We tend to do things the old fashion way. No amount of social media followers can beat a good business model and trusted partnership. At SellMax, we do our research and then meet with companies face-to-face. We found many of the big companies we work with at small business events. The bigger companies that we work with can count on our business and we know we’ll be taken care of if a problem arises. It’s also been a great marketing tool. We’ve earned some new clients that way and vice-versa.
Thanks to: Sean Pour of SellMax.

19. Build a Connection

In order for me to buy from and maintain a relationship with a large brand, I need to have human contact. For example, I chose my payroll company because a representative visited me periodically, and I felt connected. After the rep left the company, the visits stopped, and the connection was lost. I am in the process of finding a new company. The new company was a referral, but they responded quickly when I called them and a rep came to see me, which made me feel confident in working with them.
Thanks to: Vladimir Gendelman of Company Folders.

20. Being Social is Good

Social media is a great way for big brands to connect with small businesses. Not only is the engagement instant, but connecting on social media also gives big brands entry into niche circles and community hubs. They can expand their market locally and find new consumer communities in otherwise uncharted spaces. This way, big brands can also get connected with micro-influencers who can help them popularize their products and brand message in different and new customer pockets.
Thanks to: Avinash Chandra of BrandLoom.

21. A Locked Box in the Post

The smartest idea I’ve ever experienced is when a brand sent us a box in the post which was securely locked by a pin code combination lock. The only way to gain access was to reach out to the company to request the pin code. The response rate must have broken all the records for direct mail campaigns. It wouldn’t have been cheap and won’t work for big brands selling low value products or services, but for higher-end brands, it’s a very clever strategy to connect with prospects.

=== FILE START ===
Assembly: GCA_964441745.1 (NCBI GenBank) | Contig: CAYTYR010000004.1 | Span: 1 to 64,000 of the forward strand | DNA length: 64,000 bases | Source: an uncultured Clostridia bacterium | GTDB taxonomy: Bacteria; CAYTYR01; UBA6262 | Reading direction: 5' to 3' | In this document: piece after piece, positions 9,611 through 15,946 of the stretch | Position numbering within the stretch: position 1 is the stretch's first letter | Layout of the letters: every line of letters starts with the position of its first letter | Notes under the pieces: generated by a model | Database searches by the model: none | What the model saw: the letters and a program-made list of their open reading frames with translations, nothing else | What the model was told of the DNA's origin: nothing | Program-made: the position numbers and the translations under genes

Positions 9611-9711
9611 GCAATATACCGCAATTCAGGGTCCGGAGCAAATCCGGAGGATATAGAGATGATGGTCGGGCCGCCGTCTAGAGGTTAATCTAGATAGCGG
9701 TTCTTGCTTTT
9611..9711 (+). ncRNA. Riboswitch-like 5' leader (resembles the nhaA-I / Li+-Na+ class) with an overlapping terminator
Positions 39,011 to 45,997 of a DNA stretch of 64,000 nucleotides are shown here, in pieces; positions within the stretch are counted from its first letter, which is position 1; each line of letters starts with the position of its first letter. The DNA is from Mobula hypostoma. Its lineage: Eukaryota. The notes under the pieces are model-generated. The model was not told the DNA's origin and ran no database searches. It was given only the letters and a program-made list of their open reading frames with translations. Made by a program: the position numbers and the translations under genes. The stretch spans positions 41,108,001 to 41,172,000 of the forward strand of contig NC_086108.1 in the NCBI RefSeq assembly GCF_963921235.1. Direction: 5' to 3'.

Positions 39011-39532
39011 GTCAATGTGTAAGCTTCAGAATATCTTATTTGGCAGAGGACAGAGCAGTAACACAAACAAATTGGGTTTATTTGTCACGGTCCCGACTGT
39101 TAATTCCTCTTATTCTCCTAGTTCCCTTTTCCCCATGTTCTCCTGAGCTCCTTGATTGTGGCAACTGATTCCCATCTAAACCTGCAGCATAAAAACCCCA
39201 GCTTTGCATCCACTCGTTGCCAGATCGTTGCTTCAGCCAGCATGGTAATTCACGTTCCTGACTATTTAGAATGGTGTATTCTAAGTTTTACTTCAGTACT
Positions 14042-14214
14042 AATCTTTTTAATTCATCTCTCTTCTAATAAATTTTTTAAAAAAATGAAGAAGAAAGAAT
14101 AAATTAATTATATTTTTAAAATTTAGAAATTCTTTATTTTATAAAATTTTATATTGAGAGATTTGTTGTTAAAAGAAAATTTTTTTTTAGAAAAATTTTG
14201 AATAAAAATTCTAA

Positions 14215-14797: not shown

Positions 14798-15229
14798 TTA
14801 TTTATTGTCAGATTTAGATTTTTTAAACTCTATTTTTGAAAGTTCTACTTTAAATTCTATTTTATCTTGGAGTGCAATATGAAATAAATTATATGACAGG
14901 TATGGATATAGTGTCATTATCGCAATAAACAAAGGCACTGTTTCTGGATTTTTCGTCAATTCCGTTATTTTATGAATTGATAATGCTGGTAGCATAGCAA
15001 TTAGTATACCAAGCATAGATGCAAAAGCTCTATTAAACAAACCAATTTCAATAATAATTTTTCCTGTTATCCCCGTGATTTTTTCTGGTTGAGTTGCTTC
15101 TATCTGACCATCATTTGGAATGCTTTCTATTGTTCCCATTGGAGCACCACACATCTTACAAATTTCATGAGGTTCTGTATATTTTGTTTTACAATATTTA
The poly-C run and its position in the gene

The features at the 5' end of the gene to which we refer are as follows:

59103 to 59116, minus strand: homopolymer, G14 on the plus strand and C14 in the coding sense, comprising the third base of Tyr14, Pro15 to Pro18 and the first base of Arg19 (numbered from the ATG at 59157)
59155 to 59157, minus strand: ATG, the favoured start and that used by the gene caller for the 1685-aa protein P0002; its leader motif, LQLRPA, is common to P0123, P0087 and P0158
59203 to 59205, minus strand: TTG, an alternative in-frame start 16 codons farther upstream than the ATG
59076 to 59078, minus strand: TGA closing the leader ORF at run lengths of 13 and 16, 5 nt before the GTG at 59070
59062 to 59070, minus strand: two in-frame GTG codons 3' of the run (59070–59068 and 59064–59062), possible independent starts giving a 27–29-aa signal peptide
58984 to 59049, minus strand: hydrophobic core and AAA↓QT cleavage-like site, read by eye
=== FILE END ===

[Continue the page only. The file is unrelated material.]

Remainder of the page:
Thanks to: Charles Cridland of YourParkingSpace.

22. Get a Quick Response

For my business, I provide several ways to reach me from social media to email.

The fastest way for me is through email; it is up all day long and all emails are responded to before closing up the office. We tried the social media way and boy did we get distracted! So much to see and read, we spent too much time having fun and we missed the business side.
Thanks to: Robin Hardy of Integrity Virtual Services.

23. Make Adventure Happen

Or more importantly, make the spotlight shine on small business to attract them. In Microsoft’s case, having their Surface Pro stand beside the spotlight with small businesses via television and social campaigns is powerful.

A favorite is a series which introduces Nomad Hill, a travel business. Although Larry Fitzgerald, the charismatic NFL Wide Receiver for the Arizona Cardinals owns Nomad Hill, Microsoft has created campaigns for non-profits and small business owners that are new to television.
Thanks to: Kelly Isley of Kelly Isley Photography.

24. How Big Brands Connect With Us

If a client searches for us with Google, they will find our address, our phone number, fax number and email address. Our website contains all our business services along with prices for our services and letters of recommendations from satisfied customers. It's all there on our website.
Thanks to: Gary Christensen of Christensen's Delivery Service .

As always, many thanks to everyone that contributed to this article!